They’re not Hollywood stars, they’re not TV personalities and they don’t play in a rock band, but their pay packages are in the same league.
Six of the 10 highest-paid CEOs last year worked in the media industry, according to a study carried out by executive compensation data firm Equilar and The Associated Press.
The best-paid chief executive of a large American company was David Zaslav, head of Discovery Communications, the pay-TV channel operator that is home to “Shark Week.” His total compensation more than quadrupled to $156.1 million in 2014 after he extended his contract.
Les Moonves, of CBS, held on to second place in the rankings, despite a drop in pay from a year earlier. His pay package totaled $54.4 million.
The remaining four CEOs, from entertainment giants Viacom, Walt Disney, Comcast and Time Warner, have ranked among the nation’s highest-paid executives for at least four years, according to the Equilar/AP pay study.
One reason for the high level of pay in the industry is that its CEOs are dealing with well-paid individuals.
“The talent, the actors and directors and writers, they’re being paid a lot of money,” said Steven Kaplan, a professor of finance at the University of Chicago Booth School of Business. “In industries where the talent makes a lot of money, the CEO makes a lot of money as well.”
Pay packages for CEOs overall grew for the fifth straight year in 2014, driven by a rising stock market that pushed up the value of executive stock awards. Median compensation for the heads of Standard & Poor’s 500 companies rose to a record $10.6 million, up from $10.5 million the year before.
Peer pressure is another factor driving up executive compensation. The board members responsible for setting CEO pay typically consider what the heads of similar companies are making. If pay for one goes up, it will likely go up for others.
For the chieftains of media, there are also other factors boosting pay. Several work at companies where a few major shareholders control the vote.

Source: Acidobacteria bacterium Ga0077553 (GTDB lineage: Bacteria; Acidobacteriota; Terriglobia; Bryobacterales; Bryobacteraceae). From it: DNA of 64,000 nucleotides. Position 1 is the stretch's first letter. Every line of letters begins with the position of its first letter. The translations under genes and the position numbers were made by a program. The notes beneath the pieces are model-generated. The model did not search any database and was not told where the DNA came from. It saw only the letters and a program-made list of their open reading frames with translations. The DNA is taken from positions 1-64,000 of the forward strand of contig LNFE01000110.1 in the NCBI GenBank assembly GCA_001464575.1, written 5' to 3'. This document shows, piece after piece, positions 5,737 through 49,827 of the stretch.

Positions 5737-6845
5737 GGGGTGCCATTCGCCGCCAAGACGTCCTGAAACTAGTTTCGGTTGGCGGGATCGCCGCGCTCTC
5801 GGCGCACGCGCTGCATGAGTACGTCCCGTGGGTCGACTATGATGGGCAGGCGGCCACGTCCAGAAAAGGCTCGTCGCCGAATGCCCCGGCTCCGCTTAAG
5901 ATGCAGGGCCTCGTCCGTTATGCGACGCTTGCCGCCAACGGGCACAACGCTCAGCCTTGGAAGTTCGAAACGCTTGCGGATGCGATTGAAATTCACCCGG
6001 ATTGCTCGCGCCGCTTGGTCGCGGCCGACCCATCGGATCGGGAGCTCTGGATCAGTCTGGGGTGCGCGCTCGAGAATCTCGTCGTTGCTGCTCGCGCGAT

The media magnate Sumner Redstone controls almost 80 percent of the voting stock at CBS and Viacom. Because of his large holdings, Redstone can easily override the concerns of other investors about the level of CEO pay. Discovery’s voting stock is heavily influenced by the brothers Si and Donald Newhouse and John Malone, another influential investor in the media industry.
At Comcast, which owns NBC and Universal Studios, CEO and Chairman Brian Roberts controls a third of his company’s voting stock. That means he has substantial influence on the pay that he is awarded.
All of the media executives have tried, with varying degrees of success, to maximize the value of their company’s entertainment brands online and on mobile devices.
For example, Moonves at CBS launched the series “Under the Dome” — based on the Stephen King novel — both on the network and on the Amazon Prime streaming service. Besides reaching online customers, the move helped offset production costs. The company, whose shows also include “NCIS” and “The Good Wife,” has attracted 100,000 customers to “CBS All Access,” an online subscription platform that costs $6 a month. Time Warner, under CEO Jeffrey Bewkes, launched HBO Now, which streams shows to computers, tablets and smartphones for $15 a month.